Study: Broken communication in brain regions appears to worsen Huntington's disease

Indiana University researchers have found that broken communication in a specific part of the brain plays a role in the involuntary physical movements that affect individuals with Huntington's disease. [More]
Long-term effects of using cognitive-enhancing drugs by healthy people need to be determined

Long-term effects of using cognitive-enhancing drugs by healthy people need to be determined

The government, pharmaceutical industry, and national medical organisations need to work together to look at the harms and benefits of long-term use of cognitive-enhancing drugs by healthy individuals, say neuroscientists Professor Barbara Sahakian and Dr Sharon Morein-Zamir from the University of Cambridge in the UK, writing in a Personal View in The Lancet Psychiatry journal. [More]
Antibodies may trigger psychiatric illness in children

Antibodies may trigger psychiatric illness in children

A world first study revealing the presence of two antibodies in a sub-group of children experiencing their first episode of psychosis affirms a longstanding recognition that auto-immune disorders play a significant role in psychiatric illness. [More]
People with severe schizophrenia have major differences in brain networks

People with severe schizophrenia have major differences in brain networks

People with a severe form of schizophrenia have major differences in their brain networks compared to others with schizophrenia, bipolar disorder and healthy individuals, a new study from the Centre for Addiction and Mental Health shows. [More]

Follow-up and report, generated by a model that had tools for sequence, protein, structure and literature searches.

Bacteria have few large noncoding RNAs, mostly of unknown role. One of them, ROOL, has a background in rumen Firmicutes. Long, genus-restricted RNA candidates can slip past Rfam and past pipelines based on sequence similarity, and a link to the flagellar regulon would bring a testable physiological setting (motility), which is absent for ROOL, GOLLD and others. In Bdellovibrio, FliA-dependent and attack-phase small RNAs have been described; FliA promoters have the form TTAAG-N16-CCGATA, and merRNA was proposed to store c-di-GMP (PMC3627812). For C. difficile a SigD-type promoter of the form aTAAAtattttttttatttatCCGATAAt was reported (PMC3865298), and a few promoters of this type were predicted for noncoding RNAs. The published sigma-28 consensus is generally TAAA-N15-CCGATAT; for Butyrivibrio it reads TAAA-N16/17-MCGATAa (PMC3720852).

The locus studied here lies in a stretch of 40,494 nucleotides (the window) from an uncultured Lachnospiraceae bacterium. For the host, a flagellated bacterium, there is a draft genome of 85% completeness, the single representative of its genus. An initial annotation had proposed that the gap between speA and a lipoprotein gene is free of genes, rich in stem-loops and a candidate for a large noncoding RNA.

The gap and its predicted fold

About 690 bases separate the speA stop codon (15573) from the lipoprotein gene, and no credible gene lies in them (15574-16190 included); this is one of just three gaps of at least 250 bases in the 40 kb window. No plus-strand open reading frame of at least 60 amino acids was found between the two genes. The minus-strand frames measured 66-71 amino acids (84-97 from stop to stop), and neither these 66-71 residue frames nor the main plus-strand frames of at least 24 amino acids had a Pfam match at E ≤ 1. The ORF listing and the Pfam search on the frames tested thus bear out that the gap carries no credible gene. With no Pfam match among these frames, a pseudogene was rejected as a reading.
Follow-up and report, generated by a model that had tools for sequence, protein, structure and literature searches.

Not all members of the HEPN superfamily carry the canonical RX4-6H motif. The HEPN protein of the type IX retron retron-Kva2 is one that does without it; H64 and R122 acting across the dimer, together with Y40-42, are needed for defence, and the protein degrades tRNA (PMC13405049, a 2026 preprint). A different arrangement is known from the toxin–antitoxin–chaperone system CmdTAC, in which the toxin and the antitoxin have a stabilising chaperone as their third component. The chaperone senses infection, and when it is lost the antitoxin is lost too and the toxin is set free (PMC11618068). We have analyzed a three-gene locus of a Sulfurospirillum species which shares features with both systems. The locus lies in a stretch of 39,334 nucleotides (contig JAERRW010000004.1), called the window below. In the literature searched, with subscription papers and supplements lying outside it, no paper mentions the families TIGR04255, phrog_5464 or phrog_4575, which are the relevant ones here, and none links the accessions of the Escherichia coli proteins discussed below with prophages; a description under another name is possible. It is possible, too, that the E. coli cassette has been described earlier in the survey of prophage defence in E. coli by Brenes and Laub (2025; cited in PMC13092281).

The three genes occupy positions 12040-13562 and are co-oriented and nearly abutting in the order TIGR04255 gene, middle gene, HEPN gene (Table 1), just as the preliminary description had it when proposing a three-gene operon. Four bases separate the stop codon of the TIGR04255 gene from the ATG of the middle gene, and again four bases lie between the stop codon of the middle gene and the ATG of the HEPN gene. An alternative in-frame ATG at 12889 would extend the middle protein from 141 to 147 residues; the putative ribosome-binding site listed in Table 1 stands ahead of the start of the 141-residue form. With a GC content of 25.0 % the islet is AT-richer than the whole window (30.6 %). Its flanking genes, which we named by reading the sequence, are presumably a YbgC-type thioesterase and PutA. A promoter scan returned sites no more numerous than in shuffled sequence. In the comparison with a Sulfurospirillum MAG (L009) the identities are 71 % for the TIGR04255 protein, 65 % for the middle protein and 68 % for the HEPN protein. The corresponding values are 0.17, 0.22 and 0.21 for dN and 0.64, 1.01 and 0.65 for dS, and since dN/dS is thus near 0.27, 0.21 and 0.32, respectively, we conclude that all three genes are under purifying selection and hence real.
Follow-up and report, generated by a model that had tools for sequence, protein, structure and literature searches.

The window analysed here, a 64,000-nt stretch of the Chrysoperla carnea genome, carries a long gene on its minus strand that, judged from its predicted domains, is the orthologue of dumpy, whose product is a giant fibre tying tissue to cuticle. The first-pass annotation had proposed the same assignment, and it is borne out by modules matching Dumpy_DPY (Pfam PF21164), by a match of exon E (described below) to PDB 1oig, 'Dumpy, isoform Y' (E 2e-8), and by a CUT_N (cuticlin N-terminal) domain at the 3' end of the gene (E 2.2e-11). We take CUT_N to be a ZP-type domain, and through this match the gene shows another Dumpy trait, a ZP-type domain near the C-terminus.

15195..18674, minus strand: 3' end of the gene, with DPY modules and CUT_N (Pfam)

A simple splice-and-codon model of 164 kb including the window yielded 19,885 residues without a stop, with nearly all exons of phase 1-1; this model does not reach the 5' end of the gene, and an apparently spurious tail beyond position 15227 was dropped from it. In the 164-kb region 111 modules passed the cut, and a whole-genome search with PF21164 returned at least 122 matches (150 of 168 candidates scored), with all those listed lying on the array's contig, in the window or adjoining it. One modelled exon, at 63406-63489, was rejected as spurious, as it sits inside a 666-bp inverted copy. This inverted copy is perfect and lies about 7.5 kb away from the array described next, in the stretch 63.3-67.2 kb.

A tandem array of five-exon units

Tourette syndrome patients may face second psychiatric disorder during their lifetimes

Tourette syndrome patients may face second psychiatric disorder during their lifetimes

A new study of Tourette syndrome (TS) led by researchers from UC San Francisco and Massachusetts General Hospital has found that nearly 86 percent of patients who seek treatment for TS will be diagnosed with a second psychiatric disorder during their lifetimes, and that nearly 58 percent will receive two or more such diagnoses. [More]
Stepped-care strategy improves function, decreases pain severity in veterans

Stepped-care strategy improves function, decreases pain severity in veterans

Although U.S. military veterans who have returned from Iraq or Afghanistan are more likely to suffer chronic pain than veterans of any other conflict in American history, little headway has been made in helping them manage the often debilitating effects of chronic pain. [More]
Better interventions possible for children experiencing acute psychosis with antibodies

Better interventions possible for children experiencing acute psychosis with antibodies

Antibodies defend the body against bacterial, viral, and other invaders. But sometimes the body makes antibodies that attack healthy cells. In these cases, autoimmune disorders develop. [More]